Extremely gifted students have an exceptionally high rate of extending their brilliance in tertiary education across the world.  They pursue doctoral degrees at over 50 times base rate expectations, with numerous participants having created noteworthy literary, scientific, or technical products by their early twenties (Benbow et al, 2001).  This is where the guidance of qualified gifted program teachers can play a key role in bridging the learning needs and interests of students to the education systems of tertiary institutions across the world.  


The general lack of public attention and funding for gifted education is a prevalent topic of discussion globally.  For the exceptionally and profoundly gifted, the funding situation is even more pronounced.  Hong Kong’s Education Bureau (EDB) owns the gifted education initiative for the city’s brilliant young minds.  However, it falls short of establishing a full-time school campus allowing extremely gifted students to attend school the way they should on a daily basis.  The solution to the funding problem can often be found through a combination of public funding, student and alumni fundraising, and philanthropy from the wealthy believing in the cause.  The Davidson Academy of Nevada is once again, a good case in point.  The academy insists on providing free education for their on-campus students. It is because they and their supporters believe the right to receiving a gifted education should not be stifled by the financial situation of one’s family.  To widen the source of funding in future, one can also explore crowd-sourcing to assist with the daily operations and maintenance of such institutions.  


In summary, a number of educational topics on providing for exceptionally and profoundly gifted students were explored.  Items such as the definition and qualification of the extremely gifted, acceptance criteria, education program philosophy and curriculum model were examined.  The key to a successful curriculum offering is to ensure heavy focus on Level 3 of the ALM, thereby providing the autonomy and flexibility for gifted students to pursue the fields they desire and at the pace they fancy.  Moreover, the funding of an all-gifted full-time education institution was recommended.  It is up to the EDB to seriously contemplate establishing and operating a gifted school to further this cause.  Finally, the world needs to pay more attention to this small but important group of talented individuals.  If their education is properly accounted for, perhaps the next crop of Nobel Laureates will more readily rise for the betterment of humanity.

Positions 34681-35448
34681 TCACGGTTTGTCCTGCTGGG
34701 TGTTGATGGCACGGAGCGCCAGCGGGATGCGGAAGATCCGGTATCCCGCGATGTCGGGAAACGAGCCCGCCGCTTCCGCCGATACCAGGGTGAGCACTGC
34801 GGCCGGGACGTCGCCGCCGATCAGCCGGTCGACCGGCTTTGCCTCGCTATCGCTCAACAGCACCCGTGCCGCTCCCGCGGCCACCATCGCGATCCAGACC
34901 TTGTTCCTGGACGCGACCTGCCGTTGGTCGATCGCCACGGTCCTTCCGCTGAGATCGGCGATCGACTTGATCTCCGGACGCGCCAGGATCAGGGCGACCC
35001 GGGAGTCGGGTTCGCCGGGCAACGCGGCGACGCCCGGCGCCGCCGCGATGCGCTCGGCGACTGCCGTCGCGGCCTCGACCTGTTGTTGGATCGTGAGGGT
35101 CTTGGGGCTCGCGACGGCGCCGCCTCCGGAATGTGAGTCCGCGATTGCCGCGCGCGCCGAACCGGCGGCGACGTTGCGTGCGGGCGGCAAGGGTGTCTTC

References


Davis G.A., Rimm S.B., & Siegle, D. (2014 ). Education of the gifted and Talented (6th ed.).

Upper Saddle River, NJ: Pearson.


Gifted Education Section EDB (2015). Gifted Education in Hong Kong Learning about Gifted Education Book 1. https://www.edb.gov.hk/attachment/tc/curriculum-development/major-level-of-edu/gifted/resources_and_support/ge_resource_bank/files/Policy/GE_info_booklet/GE_info_booklet_1_eng.pdf.

 

Gross, Miraca U.M. (2000). Exceptionally and Profoundly Gifted Students: An Underserved Population. https://www.hoagiesgifted.org/underserved.htm?em_x=22atat.


Kiger, Patrick J. (2020). What Was Albert Einstein’s IQ? Biography.com. https://www.biography.com/news/albert-einstein-iq


Lubinski, D., Webb, R. M., Morelock, M. J., & Benbow, C. P. (2001). Top 1 in 10,000: A 10-year follow-up of the profoundly gifted. Journal of Applied Psychology, 86(4), 718–729. https://doi.org/10.1037/0021-9010.86.4.718.


* The Davidson Academy of Neveda (2021). Mission and Goals. https://www.davidsonacademy.unr.edu/about-us/mission-goals


* The Davidson Academy of Nevada (2021). Qualification Criteria - Accepted Tests & Score Guidelines to Apply. https://www.davidsonacademy.unr.edu/admissions/qualification-criteria.


* The Davidson Academy of Neveda (2021). Personalized Learning Plan (PLP). https://www.davidsonacademy.unr.edu/academics/personalized-learning-plan-plp


Winterbrook, C.A. (2017). Exploring the Lives of Gifted Women. Digital Commons @ Denver University. https://digitalcommons.du.edu/tls_doctoral/4/